Record for the Week: 4-2, 27 RS, 25 RA
Overall: 85-64, 2.5 games ahead of the Tigers for the Wild Card
9/11 -- Yankees 9, Toronto 2
We already discussed this one. Next!
9/12 -- Yankees 4, Toronto 1
On the surface, you could say the Moose is back. Dig a little deeper, and you see that he only had one strikeout, only managed one 1-2-3 inning. It's way better than what he's doing, but it's not "presto! back to normal" by any means.
9/13 -- Yankees 1, Toronto 2
Ian Kennedy pitches beautifully, just to find that the Yanks can't do a thing against AJ Burnett. For maximum annoyance, the Marlins not only beat the Yanks in the 2003 series, but they seeded their starters throughout the AL East, making sure the Yanks got the dud of the group.
9/14 -- Yankees 8, Boston 7
There might not be a sweeter victory all season than this, but it still wasn't an enjoyable game. These teams seem to have at least one ugly, brutal, marathon game per season, and this one was only made longer watching Jason Giambi fumble balls at first base. The muffed double play in the sixth was just a fundamentally horrible play, with Giambi not trusting his footwork enough to walk off the base to catch the throw, then get back to tag Ortiz. He had all sorts of time, but decided to do an insane stretch for the ball, instead.
9/15 -- Yankees 1, Boston 10
Something rubs me wrong about Josh Beckett. No, it's not just the 2003 Series or the being a Red Sox that I'm talking about. He reminds me of Jaret Wright, just healthy and talented. Anyway, I just detest his damned chipmunk face. That is all.
9/16-- Yankees 4, Boston 3
Didn't watch this game, and judging from the ninth inning bases-loaded-and-Papi-up note it ended on, I'm glad that I skipped this one. Couldn't possibly have been good for the ulcer.
Player of the Week: Strange week, with good pitching, ehh hitting, and not a lot of big standout performances. Jorge Posada had the best rate stats with a .294/.429/.647 week, and the Captain broke out five RBI at Fenway over the weekend, including two long homers. Jason Giambi deserves an honorable mention with two homers in his three hits this week (.273/.500/.818, 5 RBI). Roger Clemens and Ian Kennedy stood out among the pitchers, even though neither got a decision.
Dregs of the Week: Chien Ming Wang and Andy Pettitte, meanwhile, spit the bit in Fenway, allowing five runs each. Still they're eclipsed on the Dregs-o-Meter by Alex Rodriguez's road funk (.182/.308/.182)--sounds like a good band name, actually--and perhaps the worst offensive week of the entire year, by Melky Cabrera (.043/.120/.087). We love the Melk man, and his arm saved a couple of runs last week, but that's rank. Just awful.
Link of the Week: I can't make up my mind about the story of this young Red Sox fan (hat tip BTF), who received the most memorable autograph since "Avoid the clap. Jimmy Dugan." You could say that Shelley Duncan is a bad person for writing something that might hurt a ten year-old's feelings, or you might respond, as Tom Hanks did as Dugan, "Hey! That's good advice!"
Seriously, when the kid's older, he'll find that this is a better story to tell people than if he'd gotten an autograph that says "Your pal, Shelley Duncan." Nonetheless, it's bad when players are mean to the fans, even if, sometimes, the fans aren't all that considerate, either. My younger brother still remembers Pat Kelly being a total prick to him outside the Stadium one day, and my older brother still treaures the late, great Scooter being funny and gracious to him under similar circumstances. It's totally irrational, but people place a lot of importance on small interactions with famous people. So be nice, Shelley! You never know when you'll need someone to be nice to you.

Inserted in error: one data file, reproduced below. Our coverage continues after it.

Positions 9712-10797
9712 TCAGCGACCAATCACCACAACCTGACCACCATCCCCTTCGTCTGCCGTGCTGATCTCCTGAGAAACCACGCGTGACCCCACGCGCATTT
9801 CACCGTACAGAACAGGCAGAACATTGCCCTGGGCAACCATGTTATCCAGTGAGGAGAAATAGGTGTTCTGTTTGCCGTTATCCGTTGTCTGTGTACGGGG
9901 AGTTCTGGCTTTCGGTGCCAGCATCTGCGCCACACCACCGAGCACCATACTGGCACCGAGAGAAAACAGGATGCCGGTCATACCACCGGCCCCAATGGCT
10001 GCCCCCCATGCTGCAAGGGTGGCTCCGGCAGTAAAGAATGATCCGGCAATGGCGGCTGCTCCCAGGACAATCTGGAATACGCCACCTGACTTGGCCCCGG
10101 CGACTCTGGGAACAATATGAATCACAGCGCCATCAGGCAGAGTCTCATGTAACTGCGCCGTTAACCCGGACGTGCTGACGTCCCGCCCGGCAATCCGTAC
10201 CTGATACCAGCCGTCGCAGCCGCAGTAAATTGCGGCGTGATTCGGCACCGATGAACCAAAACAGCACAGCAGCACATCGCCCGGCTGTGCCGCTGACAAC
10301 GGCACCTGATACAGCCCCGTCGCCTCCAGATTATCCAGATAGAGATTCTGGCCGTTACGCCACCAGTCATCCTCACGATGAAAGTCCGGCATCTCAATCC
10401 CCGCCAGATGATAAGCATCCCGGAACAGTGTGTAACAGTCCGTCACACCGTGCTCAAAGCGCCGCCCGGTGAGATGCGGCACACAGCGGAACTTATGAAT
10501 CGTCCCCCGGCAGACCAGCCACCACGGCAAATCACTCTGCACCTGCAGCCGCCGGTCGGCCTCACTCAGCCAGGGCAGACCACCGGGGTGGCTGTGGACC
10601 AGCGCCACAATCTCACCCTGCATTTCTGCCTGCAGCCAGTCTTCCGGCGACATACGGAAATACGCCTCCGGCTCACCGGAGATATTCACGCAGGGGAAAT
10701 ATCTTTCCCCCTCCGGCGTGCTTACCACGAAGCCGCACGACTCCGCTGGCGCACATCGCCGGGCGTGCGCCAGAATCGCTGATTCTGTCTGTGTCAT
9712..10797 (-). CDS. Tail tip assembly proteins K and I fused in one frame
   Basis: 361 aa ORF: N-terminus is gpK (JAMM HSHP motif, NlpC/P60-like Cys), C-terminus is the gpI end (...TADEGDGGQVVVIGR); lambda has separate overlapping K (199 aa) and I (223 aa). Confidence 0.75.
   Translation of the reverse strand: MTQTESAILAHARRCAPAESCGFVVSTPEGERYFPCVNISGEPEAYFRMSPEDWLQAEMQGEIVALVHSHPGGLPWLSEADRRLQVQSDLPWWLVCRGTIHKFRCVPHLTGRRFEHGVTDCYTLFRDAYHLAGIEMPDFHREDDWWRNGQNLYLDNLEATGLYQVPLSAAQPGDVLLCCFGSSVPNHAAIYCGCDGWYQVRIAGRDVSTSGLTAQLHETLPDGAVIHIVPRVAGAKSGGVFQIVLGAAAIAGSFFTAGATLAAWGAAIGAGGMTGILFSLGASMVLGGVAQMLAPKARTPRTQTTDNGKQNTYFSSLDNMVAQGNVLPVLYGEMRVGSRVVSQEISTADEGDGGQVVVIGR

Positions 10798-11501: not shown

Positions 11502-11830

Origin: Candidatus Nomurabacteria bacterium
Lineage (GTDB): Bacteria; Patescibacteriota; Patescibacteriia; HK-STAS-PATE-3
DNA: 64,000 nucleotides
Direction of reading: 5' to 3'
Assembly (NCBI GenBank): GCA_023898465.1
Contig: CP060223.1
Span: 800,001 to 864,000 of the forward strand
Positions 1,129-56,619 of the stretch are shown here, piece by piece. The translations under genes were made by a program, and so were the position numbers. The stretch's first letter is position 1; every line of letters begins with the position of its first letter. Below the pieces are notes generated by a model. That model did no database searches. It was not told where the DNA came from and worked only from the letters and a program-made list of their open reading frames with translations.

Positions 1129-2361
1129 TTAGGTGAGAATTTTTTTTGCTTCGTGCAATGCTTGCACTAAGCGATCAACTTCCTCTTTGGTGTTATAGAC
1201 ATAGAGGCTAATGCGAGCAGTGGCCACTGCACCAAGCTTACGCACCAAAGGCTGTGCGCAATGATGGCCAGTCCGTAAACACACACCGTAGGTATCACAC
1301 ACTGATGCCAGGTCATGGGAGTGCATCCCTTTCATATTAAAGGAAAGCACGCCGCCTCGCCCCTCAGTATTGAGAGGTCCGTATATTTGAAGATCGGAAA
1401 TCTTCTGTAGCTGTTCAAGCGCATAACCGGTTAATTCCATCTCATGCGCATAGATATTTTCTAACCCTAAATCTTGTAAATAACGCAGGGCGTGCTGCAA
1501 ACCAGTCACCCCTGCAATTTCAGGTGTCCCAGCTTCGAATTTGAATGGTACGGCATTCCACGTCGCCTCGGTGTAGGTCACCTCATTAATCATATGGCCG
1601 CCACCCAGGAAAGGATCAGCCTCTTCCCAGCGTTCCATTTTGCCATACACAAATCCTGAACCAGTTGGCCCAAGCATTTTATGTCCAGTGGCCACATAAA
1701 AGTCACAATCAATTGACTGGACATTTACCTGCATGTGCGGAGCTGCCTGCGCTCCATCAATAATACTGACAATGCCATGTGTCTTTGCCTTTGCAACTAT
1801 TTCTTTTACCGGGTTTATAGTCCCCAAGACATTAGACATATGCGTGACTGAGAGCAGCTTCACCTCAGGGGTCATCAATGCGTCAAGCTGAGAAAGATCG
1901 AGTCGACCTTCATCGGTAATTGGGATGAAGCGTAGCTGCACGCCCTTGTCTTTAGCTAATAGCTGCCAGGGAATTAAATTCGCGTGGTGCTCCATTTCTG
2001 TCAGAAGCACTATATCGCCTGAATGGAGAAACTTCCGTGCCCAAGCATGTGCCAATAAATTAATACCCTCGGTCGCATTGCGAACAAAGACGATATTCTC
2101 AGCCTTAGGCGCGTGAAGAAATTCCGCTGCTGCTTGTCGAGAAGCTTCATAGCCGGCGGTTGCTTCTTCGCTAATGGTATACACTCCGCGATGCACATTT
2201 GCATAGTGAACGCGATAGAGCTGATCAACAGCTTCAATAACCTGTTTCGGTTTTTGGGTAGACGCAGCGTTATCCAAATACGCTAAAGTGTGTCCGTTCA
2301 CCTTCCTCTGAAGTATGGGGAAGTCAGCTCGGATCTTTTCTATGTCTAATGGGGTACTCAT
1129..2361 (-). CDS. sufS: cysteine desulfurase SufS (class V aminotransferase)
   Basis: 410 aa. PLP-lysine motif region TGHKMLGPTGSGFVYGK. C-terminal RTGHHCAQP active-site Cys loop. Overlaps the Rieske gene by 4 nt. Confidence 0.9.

Story of the Week: While the Yanks were looking ahead of themselves in the standings, toward the Red Sox, the Detroit Tigers made up some ground and made things a little tighter behind the Bombers on the Wild Card front--three back in the loss column, as they like to say. Not only is catching the Red Sox unlikely, it's unnecessary. The important thing is to keep playing good baseball and focus on holding off the Tigers, securing that spot in the postseason.
A few notes on things I noticed this week:
- Bobby Abreu's going to miss 100 walks for the first time since 1998. He's still seeing a high number of pitches per plate appearance, so it isn't like he's suddenly become Oscar Azocar, but maybe pitchers are noticing the dip in his power, and are throwing him more strikes accordingly.
- The Captain's really slowed down in the second half. Through the All-Star break, he was putting up numbers worthy of last year's near-MVP season (.336/.408/.463), since then he's been a little bit more like his sophomore season, 1997 (.285/.352/.397). He's already matched his career high in hit-by-pitches (14).
- Edwar Ramirez is the three true outcomes pitcher. In 17 1/3 innings, he's walked 10, struck out 28 (a ridiculous 14.54 K/9) and a third of his hits allowed have gone for homers.
- Do they really need any lefty relievers on the roster? Villone and Henn both suck, Igawa hasn't even appeared in relief since being called up. Torre might have already performed the "You're dead to me now" ceremony on his looks-impaired Japanese import.
- As for the lefty that got away? Mike Myers has gotten smacked around with the White Sox (8.71 ERA and 3 HR allowed in 10 1/3 IP since he was released).